Smylers wrote:

cdumont writes:

Smylers wrote:

cdumont writes:
The given ... when doesn't seem to bring that much from switch ...
case given ...
Surely it brings all of it?  Plus much more as well.   Much of the
power is in the smart-matching, which enables many different sorts
of comparisions, each naturally matching the appropriate thing.  A
big advantage given has over C's switch construct is not having to
include break in the usual case (and get mysterious-yet-silent bugs
if you accidentally forget it).
I understand that given ... when is even more powerful than a simple
switch case but why just don't say it this way : this is a switch case
dopped with hyper process

Maybe the documentation will say it that way!
Well, hope so... if we could talk about the doc too...

and keep the old switch ... case keywords.

But "keeping" the "old" ones would require having them already -- which
Perl doesn't.  What would be the point in simultaneously introducing a
flexible syntax which meets all switching needs and a less-powerful
syntax (which is completely different, thereby making it more work than
necessary if you outgrow its requirements and need to change to using
the more flexible alternative; and which is error-prone)?
I am sorry, I meant : keep the old school switch ... case keywords that we inherited
from other languages.
I don't think the syntax should be the same exactly.
I just want to avoid having to learn or expose people that are not native English speakers
to too many keywords.

I don't know why, this given... when sounds so 'English' without
really being that English.

I'm afraid you've lost me -- are you saying that given does sound
English or that it doesn't?  And why is it relevant either way?

See above.

And hashes require '=> ' but it could be nice to switch to ':'
Indeed it could be.  But, unfortunately, the colon seemed to be top
of many people's most-wanted lists, with many different (and mutex)
suggestions for what it should do.  (Remember, only a couple of
paragraphs ago you were wanting to keep it for the ? ... :
operator!) Possibly somebody could design a language in which the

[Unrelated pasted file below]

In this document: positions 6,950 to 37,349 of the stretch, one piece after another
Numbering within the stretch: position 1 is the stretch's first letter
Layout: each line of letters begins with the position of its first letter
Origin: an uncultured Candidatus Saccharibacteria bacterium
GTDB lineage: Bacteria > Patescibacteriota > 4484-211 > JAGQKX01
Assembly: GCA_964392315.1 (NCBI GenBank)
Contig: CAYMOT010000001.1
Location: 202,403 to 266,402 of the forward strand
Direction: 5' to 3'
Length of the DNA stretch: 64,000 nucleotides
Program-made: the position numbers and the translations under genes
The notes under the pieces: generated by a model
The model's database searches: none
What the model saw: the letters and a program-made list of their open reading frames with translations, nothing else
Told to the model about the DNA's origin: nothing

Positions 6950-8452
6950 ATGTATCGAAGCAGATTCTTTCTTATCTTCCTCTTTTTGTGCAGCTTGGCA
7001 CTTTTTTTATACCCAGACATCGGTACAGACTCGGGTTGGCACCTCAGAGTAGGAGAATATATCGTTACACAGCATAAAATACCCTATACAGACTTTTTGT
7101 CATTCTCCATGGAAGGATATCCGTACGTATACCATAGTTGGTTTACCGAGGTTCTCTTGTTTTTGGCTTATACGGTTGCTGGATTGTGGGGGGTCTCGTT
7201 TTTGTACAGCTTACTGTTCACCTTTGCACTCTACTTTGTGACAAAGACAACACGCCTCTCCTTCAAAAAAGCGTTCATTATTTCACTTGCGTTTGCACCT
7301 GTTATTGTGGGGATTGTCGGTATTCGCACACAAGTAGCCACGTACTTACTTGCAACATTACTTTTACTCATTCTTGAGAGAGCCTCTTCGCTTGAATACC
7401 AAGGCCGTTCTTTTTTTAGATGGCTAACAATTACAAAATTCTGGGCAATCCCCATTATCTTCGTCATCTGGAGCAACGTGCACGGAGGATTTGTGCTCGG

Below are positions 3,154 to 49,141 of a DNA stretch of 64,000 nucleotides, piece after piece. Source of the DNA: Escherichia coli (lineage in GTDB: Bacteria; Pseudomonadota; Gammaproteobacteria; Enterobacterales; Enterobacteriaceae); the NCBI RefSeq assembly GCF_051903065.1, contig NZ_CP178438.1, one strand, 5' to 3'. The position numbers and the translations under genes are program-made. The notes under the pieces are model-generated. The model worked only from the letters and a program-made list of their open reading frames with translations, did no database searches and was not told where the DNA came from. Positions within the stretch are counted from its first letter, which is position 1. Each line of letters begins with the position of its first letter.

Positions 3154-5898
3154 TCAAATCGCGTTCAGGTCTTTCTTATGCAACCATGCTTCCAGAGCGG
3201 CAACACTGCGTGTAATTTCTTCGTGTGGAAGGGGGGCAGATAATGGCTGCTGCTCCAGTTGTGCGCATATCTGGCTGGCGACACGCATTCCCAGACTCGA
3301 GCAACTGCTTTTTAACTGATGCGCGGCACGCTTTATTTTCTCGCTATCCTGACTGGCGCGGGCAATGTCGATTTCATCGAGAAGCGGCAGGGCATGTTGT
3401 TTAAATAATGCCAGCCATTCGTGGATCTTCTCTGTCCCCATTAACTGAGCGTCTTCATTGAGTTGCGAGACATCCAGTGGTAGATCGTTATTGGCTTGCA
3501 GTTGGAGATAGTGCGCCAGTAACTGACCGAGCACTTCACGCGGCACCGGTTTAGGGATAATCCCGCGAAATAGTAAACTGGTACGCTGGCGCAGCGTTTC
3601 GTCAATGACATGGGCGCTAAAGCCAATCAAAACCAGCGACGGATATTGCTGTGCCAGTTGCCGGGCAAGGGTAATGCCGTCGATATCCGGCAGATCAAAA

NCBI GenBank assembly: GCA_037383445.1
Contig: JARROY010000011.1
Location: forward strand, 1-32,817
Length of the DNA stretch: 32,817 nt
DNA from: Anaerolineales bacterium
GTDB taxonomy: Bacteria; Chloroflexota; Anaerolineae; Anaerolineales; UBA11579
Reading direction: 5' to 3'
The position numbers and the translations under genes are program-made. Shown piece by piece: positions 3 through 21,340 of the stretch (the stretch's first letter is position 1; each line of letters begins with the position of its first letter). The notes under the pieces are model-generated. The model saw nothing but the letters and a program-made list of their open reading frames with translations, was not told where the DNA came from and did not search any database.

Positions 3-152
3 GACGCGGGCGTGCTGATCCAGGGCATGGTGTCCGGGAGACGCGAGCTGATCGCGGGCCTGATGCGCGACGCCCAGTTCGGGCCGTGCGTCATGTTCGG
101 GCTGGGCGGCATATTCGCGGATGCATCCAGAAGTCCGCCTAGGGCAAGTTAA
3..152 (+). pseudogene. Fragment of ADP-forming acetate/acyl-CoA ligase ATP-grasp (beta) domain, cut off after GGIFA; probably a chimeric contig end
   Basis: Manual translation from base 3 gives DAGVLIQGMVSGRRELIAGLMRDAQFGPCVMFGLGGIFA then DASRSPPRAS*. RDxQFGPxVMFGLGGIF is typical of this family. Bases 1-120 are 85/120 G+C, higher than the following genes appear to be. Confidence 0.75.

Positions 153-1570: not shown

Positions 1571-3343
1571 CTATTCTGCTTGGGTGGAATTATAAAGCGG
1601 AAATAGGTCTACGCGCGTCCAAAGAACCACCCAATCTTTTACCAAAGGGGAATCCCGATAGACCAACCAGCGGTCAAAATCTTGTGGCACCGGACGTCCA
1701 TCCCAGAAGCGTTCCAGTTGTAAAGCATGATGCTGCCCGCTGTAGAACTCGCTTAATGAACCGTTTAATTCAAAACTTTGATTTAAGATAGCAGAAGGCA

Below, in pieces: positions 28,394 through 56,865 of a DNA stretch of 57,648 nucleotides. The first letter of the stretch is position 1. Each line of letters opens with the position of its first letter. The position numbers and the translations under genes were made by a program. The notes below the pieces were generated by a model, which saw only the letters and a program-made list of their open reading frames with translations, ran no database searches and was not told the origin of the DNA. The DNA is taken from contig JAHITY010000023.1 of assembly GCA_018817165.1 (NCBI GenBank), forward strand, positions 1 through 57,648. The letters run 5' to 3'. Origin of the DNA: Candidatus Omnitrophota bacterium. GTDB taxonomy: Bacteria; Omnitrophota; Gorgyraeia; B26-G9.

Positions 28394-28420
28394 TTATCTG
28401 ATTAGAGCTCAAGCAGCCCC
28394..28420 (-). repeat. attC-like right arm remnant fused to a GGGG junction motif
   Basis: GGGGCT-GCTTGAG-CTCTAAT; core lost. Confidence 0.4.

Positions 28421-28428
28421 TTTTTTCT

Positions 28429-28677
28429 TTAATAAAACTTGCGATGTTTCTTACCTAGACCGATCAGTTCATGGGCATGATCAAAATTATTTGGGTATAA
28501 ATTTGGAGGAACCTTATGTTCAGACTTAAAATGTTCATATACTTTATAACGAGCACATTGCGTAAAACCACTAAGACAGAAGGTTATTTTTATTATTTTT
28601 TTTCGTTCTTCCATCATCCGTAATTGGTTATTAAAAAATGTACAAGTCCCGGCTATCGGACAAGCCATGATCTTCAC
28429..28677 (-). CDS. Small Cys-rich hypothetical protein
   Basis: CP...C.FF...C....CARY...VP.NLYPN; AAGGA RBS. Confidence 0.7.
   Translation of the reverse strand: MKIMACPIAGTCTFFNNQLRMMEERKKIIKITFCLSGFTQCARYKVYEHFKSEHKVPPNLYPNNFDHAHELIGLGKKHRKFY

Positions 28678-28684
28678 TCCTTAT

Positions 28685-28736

colon is the only symbol used ...
I don't really think using the column in a ternary means that you
cannot use it else where.

We started off with that, and it was changed specifically because it was
causing a problem; I can't remember exactly what, but it's in this
list's archives somewhere.

Remember that whatever expression you want to use the colon for is going
to be valid between the ? and : parts of the ? ... : operator, and so
you need to avoid the colon being confused for the : which marks the end
of this part of the ? ... : operator.

Also remember that we want Perl 6 to be able to complain about syntax
errors -- that is, we want that when somebody makes a typo, there's a
good chance of perl complaining about the source being invalid, rather
than it being valid Perl 6 (but which silently does something else).
I can understand the idea.

As for the functions, i didn't see that much for hashes and arrays
which was a big disappointment.

What were you hoping for?  Many things which were functions in Perl 5
are now also available as methods in Perl 6.  If you post here with what
you're disappointed to be missing, it may be that somebody can reply
pointing out where the equivalent functionality is!
I am pretty much sure that I can rebuilt all the functions I will need for intersections and the like. But instead of reinventing the wheel or having to DL a module, it could be nice to have
it as a built in.
They are also other string related functions that are required when dealing with web
but I guess this is not in the scope of perl anyway.


シリル・デュモン(Cyrille Dumont)
our work is the portrait of ourselves
tel: 03-5690-0230 fax: 03-5690-7366

Reply via email to